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Five ways you a can create the perfect password and why you should

Five ways you a can create the perfect password and why you should

Five ways you a can create the perfect password and why you should.

Stories of people being hacked online are becoming more common these days. Many people have had their accounts, whether Facebook or Twitter, compromised.  Avoiding these kinds of hacks mean that one needs to use stronger passwords, but this won’t keep you secure from all the threats out there.

It is also important to ensure that there is a secure password for every service you use.

“Most sites today require a combination of capital letters, numbers and occasionally a special character. However, there are common patterns that most of us tend to use, like starting with a capital letter and ending with a couple of numbers. If a special character is required, we typically place it on the end. The bad guys know this. With machines equipped with today’s off-the-shelf processing power, even these seemingly complicated passwords are cracked in relatively short time”, said Martin Walshaw, Senior Engineer at F5 Networks.

Sometimes you are tempted to recycle your password mainly because it is easier to remember. It is okay to recycle but only if the website does not store any store personal information. You should always memorize your password never write it down. Other services like a password management tool could help with storing your password. These services automatically generate passwords and allow you to select the level of complexity, pattern type, and length.

“So, what happens when the bad guys acquire your credentials? You might think the password is hashed or encrypted and are therefore protected. In the case of LinkedIn 2012 data set, the SHA1 algorithm was used, which is now considered a broken hash and should not be used. To make things worse, the passwords were hashed without first being “salted” (i.e. adding more data to the password to hide its true meaning),” said Walshaw.

How then do you create the perfect password? Here is a list of 5 ways to help you create a password that is harder to crack.

1. Longer is better.
The more characters a password has, the harder it becomes for people to get it right. Mix letters, numbers, and punctuation and, when possible, include both uppercase and lowercase letters. Made up or altered words are better than actual words. You should go for passwords that are a minimum of 12 to 14 characters in length. A longer password would be even better.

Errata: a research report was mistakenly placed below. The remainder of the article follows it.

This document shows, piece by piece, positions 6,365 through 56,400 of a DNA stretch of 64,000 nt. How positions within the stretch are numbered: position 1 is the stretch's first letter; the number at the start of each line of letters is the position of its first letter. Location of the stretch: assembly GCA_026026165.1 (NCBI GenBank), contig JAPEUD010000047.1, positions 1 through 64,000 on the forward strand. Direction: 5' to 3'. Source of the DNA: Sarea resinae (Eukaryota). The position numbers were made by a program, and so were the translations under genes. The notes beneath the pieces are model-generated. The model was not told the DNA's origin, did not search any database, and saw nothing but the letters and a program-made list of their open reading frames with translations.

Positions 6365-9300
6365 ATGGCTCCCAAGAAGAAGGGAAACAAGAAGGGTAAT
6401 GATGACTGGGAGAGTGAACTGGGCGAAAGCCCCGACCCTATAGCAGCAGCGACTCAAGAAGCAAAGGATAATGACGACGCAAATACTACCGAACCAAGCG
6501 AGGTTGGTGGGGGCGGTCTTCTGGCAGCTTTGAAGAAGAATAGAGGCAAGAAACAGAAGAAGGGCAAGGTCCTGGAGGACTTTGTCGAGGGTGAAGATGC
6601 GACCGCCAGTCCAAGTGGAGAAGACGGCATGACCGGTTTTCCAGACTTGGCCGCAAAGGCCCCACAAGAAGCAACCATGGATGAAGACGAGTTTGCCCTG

2. Avoid calendar dates
As part of the numeric portion of the password. Don’t use account numbers or other billing information as part of a password. Passwords like “123456” are still the most used. Don’t Do This. It is easier for hackers to crack such passwords.

3. Avoid personal information
Personal information that can easily be looked up or verified should be avoided. The use of adjacent keys or consecutive numbers are easy for others to notice and should be avoided.

4. Use a password manager
One other way to keep track of all those passwords is to use an online password management option. These tools are easy to set up and useful in helping you manage all your passwords. They have strong encryption and allow you to unlock and auto-fill your passwords and other information with one master password.

5. Separate your passwords
Maintain a separate password for each highly sensitive account, such as email, financial institutions, and social media.

“The fact is that more than 1.1M people chose the password “123456” and nearly 190,000 people chose “password”. If people are using such configurations for LinkedIn, then there is a good chance they are adopting the same password on more sensitive sites, such as bank accounts, which might be more interesting to cybercriminals”, said Walshaw.

Walshaw advises people to be responsible for their personal information. He said, “Cybercriminals spend enormous effort trying to access your information for unscrupulous commercial gain. By adopting best practice and investing in personal security, your vital credentials will remain encrypted, which means that should a hack take place then you automatically devalue the stolen data for the cybercriminal. Don’t ignore the dangers of the Dark Web – cybersecurity is all of our responsibility. Stay safe.”